Rochelle City Council approves Hickory Grove proposal

(Photo by Russell Hodges)

City to purchase building from Ogle County Civic Center Authority, begin redevelopment process

ROCHELLE — A landmark building in the City of Rochelle’s north corridor may not be around much longer, but council and city staffers are working to make the future much brighter.

Rochelle City Council members unanimously approved a proposal Monday evening calling for the acquisition and demolition of the Hickory Grove Banquet & Convention Center, located at 1127 N. 7th St. in Rochelle. The building’s prospects became public knowledge over the weekend, when Robin Baldwin Gounaris, owner and operator of Abraham’s Bar & Grille inside Hickory Grove, published a lengthy Facebook post about the future of the property.

“For 15 years, I have tried to save [Hickory Grove],” Baldwin Gounaris wrote. “I have come to the decision that I can no longer save it. After many meetings with potential buyers, investors, the county and the city, there are just too many building issues and zero funds to fix them.”

City Manager Jeff Fiegenschuh presented City Council members with the proposal, which calls for the City of Rochelle to purchase Hickory Grove from the Ogle County Civic Center Authority, which currently owns the building, for $1. The city would then demolish the building and secure a private development partner to construct a new mixed-use property on the site.

Demolition estimates ($250,000), engineering estimates ($50,000) and city carrying costs ($12,000) will total roughly $312,000, with all costs reimbursed by TIFs. Fiegenschuh said the overall goals of the project are property redevelopment and long-term sustainability.

“Although OCCCA is a quasi-public entity, the organization doesn’t have any taxing authority,” Fiegenschuh said. “The Hickory Grove facility… doesn’t generate any property tax revenue, and lease payments are inadequate to continue the operation... I think there are a lot of opportunities on that site to do something great.”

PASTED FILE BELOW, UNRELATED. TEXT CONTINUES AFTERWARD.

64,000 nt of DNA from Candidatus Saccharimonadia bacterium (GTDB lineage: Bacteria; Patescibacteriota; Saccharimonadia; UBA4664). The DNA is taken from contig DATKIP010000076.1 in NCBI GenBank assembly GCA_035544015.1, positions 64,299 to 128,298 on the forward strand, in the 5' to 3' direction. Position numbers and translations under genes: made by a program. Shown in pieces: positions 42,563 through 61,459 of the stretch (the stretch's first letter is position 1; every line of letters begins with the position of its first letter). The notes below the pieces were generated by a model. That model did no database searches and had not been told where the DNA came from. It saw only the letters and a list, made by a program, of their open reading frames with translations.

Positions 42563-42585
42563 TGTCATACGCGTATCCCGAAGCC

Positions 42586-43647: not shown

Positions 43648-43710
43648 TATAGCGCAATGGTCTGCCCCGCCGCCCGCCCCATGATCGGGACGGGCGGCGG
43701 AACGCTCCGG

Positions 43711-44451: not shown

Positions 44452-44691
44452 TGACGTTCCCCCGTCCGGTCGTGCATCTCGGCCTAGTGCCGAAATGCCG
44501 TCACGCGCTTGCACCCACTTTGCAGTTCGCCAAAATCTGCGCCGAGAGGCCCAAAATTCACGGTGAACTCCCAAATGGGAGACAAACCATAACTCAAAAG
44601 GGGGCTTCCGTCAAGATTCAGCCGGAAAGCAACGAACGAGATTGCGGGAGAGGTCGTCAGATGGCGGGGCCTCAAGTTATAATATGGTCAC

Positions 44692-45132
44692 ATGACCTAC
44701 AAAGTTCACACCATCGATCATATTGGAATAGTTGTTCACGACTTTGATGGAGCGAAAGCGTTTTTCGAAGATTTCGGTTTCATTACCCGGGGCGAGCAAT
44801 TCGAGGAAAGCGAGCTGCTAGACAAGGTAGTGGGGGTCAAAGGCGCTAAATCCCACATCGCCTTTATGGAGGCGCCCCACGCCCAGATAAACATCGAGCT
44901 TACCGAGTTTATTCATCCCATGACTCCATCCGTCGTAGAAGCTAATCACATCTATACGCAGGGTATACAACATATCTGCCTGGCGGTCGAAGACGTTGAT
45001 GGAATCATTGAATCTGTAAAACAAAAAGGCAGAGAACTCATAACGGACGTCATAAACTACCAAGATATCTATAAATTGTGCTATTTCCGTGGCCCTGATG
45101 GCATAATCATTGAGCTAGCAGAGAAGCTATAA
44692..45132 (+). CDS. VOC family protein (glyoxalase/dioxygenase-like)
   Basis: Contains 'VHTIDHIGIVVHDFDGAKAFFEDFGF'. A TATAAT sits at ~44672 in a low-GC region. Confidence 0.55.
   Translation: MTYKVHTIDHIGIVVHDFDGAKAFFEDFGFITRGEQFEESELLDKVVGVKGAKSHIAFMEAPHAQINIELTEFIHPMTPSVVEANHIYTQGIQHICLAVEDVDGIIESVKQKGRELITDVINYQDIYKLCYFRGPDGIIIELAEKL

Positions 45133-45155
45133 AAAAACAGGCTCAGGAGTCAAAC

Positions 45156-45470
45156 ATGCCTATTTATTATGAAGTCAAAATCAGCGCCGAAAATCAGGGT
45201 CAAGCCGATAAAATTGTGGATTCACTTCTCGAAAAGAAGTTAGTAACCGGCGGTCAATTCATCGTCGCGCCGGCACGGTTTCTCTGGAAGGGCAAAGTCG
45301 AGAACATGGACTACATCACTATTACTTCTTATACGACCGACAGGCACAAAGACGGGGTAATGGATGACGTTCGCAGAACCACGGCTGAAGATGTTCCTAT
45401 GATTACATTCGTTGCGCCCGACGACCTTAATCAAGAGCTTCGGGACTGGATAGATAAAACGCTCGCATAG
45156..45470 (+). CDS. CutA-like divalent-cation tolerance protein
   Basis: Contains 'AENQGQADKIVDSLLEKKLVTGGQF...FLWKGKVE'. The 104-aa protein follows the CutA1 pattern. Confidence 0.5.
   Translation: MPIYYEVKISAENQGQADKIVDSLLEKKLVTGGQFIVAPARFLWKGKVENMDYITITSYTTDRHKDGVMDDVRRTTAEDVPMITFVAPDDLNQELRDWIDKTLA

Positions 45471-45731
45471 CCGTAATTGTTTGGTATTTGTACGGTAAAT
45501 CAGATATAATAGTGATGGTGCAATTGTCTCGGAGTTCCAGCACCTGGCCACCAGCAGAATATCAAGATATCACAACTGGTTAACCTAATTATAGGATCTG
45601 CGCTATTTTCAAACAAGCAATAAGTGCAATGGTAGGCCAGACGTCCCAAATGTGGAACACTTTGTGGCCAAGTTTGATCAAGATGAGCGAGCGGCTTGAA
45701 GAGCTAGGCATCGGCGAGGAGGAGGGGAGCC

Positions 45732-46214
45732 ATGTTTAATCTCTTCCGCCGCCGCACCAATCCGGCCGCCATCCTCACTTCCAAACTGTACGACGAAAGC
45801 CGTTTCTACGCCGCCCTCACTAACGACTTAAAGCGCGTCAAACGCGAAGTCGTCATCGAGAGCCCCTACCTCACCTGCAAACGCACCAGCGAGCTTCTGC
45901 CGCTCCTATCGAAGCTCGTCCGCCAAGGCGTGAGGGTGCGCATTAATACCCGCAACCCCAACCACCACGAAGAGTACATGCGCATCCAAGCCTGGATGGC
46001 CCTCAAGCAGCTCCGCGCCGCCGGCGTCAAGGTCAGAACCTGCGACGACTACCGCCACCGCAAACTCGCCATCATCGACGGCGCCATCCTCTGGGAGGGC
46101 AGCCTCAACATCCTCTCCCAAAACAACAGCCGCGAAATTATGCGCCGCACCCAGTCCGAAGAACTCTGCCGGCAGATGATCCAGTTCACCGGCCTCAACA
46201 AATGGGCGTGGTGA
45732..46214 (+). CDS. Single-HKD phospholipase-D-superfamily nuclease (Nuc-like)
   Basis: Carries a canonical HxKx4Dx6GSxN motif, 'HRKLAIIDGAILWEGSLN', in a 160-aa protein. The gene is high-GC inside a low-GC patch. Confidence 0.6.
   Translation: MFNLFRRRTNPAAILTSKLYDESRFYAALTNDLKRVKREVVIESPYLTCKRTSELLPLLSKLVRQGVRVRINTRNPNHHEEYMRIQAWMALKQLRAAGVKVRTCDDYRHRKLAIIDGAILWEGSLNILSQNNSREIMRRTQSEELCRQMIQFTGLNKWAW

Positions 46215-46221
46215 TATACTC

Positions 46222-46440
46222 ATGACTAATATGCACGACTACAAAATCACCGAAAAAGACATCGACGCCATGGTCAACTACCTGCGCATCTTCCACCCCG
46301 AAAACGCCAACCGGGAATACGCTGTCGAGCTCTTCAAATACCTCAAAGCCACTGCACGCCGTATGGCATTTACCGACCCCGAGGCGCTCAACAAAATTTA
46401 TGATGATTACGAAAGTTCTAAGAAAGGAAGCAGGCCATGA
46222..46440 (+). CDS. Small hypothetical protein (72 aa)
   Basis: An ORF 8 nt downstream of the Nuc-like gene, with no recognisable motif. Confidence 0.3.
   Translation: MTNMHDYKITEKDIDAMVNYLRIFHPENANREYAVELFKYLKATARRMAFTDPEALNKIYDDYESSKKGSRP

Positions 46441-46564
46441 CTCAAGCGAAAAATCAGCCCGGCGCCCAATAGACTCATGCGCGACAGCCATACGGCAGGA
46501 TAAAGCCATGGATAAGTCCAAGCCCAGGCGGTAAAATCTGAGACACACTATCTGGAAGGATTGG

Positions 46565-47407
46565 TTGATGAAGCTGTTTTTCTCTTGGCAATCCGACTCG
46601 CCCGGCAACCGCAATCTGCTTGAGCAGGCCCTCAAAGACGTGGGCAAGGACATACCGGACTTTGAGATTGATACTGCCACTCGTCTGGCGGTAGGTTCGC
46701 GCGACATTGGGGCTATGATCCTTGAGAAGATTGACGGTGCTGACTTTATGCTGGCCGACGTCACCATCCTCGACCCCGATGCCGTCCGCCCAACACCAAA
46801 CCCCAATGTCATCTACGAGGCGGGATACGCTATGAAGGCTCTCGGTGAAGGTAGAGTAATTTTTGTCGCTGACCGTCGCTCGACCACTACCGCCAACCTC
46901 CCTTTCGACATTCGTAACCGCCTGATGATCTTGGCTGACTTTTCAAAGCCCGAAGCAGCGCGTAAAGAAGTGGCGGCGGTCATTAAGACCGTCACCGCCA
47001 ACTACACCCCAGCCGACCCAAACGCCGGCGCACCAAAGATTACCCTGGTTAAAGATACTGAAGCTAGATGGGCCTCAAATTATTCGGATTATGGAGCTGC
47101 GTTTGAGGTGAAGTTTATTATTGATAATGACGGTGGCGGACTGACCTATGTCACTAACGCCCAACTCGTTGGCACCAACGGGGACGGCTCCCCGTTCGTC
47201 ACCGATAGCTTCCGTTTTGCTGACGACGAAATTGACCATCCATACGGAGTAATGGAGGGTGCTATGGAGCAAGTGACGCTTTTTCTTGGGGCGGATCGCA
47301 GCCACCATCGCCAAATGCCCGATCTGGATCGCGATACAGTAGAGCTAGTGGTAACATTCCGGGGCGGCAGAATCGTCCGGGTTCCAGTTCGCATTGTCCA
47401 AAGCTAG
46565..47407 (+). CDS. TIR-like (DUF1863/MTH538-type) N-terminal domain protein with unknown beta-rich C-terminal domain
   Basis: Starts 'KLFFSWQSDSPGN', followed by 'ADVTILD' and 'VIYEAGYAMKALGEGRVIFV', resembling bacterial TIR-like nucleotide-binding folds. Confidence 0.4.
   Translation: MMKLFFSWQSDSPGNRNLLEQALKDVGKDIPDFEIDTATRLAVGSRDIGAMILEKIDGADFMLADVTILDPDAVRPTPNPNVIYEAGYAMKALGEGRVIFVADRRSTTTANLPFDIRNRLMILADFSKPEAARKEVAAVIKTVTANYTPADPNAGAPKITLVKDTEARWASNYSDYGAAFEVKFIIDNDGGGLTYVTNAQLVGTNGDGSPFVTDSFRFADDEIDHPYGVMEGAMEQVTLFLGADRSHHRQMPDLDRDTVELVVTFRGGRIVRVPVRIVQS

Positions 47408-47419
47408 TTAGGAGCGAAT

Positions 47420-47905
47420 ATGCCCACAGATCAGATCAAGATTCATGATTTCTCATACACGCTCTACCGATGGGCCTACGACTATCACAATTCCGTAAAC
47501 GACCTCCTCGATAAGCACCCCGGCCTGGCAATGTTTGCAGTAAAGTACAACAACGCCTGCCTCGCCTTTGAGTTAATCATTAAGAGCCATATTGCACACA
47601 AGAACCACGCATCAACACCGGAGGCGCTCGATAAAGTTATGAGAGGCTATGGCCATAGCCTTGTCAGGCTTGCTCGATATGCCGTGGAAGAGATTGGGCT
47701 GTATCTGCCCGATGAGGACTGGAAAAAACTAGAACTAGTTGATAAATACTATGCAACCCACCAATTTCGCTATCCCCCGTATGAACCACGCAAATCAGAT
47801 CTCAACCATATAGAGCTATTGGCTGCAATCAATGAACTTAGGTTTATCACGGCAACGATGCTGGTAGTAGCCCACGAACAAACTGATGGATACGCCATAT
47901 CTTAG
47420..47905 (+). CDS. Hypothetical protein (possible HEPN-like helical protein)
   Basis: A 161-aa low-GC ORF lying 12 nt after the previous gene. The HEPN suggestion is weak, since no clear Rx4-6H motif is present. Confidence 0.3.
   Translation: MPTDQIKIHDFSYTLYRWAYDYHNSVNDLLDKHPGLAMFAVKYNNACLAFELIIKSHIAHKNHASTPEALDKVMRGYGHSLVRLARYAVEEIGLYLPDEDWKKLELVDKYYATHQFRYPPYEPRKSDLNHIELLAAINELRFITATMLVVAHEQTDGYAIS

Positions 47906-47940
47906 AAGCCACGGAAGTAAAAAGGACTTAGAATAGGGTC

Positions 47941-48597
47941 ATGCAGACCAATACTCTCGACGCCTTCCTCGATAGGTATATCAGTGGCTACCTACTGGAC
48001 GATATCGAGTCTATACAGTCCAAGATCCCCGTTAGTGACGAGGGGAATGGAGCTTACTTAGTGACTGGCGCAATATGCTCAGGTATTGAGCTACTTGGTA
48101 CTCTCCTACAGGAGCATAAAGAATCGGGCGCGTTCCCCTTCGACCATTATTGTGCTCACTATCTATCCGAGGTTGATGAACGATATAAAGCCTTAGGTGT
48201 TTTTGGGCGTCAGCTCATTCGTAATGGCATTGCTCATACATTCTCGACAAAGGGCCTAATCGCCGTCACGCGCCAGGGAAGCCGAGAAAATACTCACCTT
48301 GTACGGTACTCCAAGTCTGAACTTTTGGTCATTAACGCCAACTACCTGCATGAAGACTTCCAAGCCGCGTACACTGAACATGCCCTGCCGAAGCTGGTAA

The proposal included the approval of a contract not to exceed $50,000 with Willett Hoffman & Associates to oversee all aspects of the bidding and demolition of the facility. According to the proposed timeline laid out during Fiegenschuh’s presentation, the City of Rochelle would purchase Hickory Grove from OCCCA this week before closing on the property in early March. Hickory Grove would continue hosting scheduled events until closing its doors on July 19, when the city will begin auctioning off materials and equipment to recoup overdue utility costs.

Willett Hoffman would then conduct asbestos and mold inspections throughout early July before beginning the demolition process on Oct. 15. The city would work with a potential developer during the fall and winter months to acquire and develop the site, with demolition and site preparation work completed during that time period as well.

Both Fiegenschuh and Rochelle Mayor John Bearrows clarified Monday evening that any construction work on the Hickory Grove site will not impact neighboring hotel and condominium facilities.

“I’m committed to this project and I will personally oversee this project,” Fiegenschuh said. “I think there’s a real opportunity to turn that site into a real gem for our community. We’ve worked really hard over the last few years to redevelop the downtown area, and we’re going to continue that, but we can’t forget about the other corridors in our community… I think there’s an opportunity to turn that site into something we can all be very, very proud of.”


The City Council approved a roughly $1.2 million contract with Martin and Company Excavating, as well as a $108,000 improvement add-on, for construction work on Mulford Road from Union Pacific Railroad to Creston Road along the Rochelle Municipal Landfill. The City Council also approved an escrow agreement between the City of Rochelle, Rochelle Waste Disposal LLC and Central Bank Illinois for construction on Mulford Road.

The City Council authorized an ordinance amending the Municipal Code to allow for 16 eligible employees (above age 55 and with at least 15 years of service) to qualify for early separation incentives. Lastly, the City Council approved a resolution authorizing an updated agreement with Sprint for continued operation and maintenance of cellular communications equipment on the water tower located over the Illinois Route 251 overpass.


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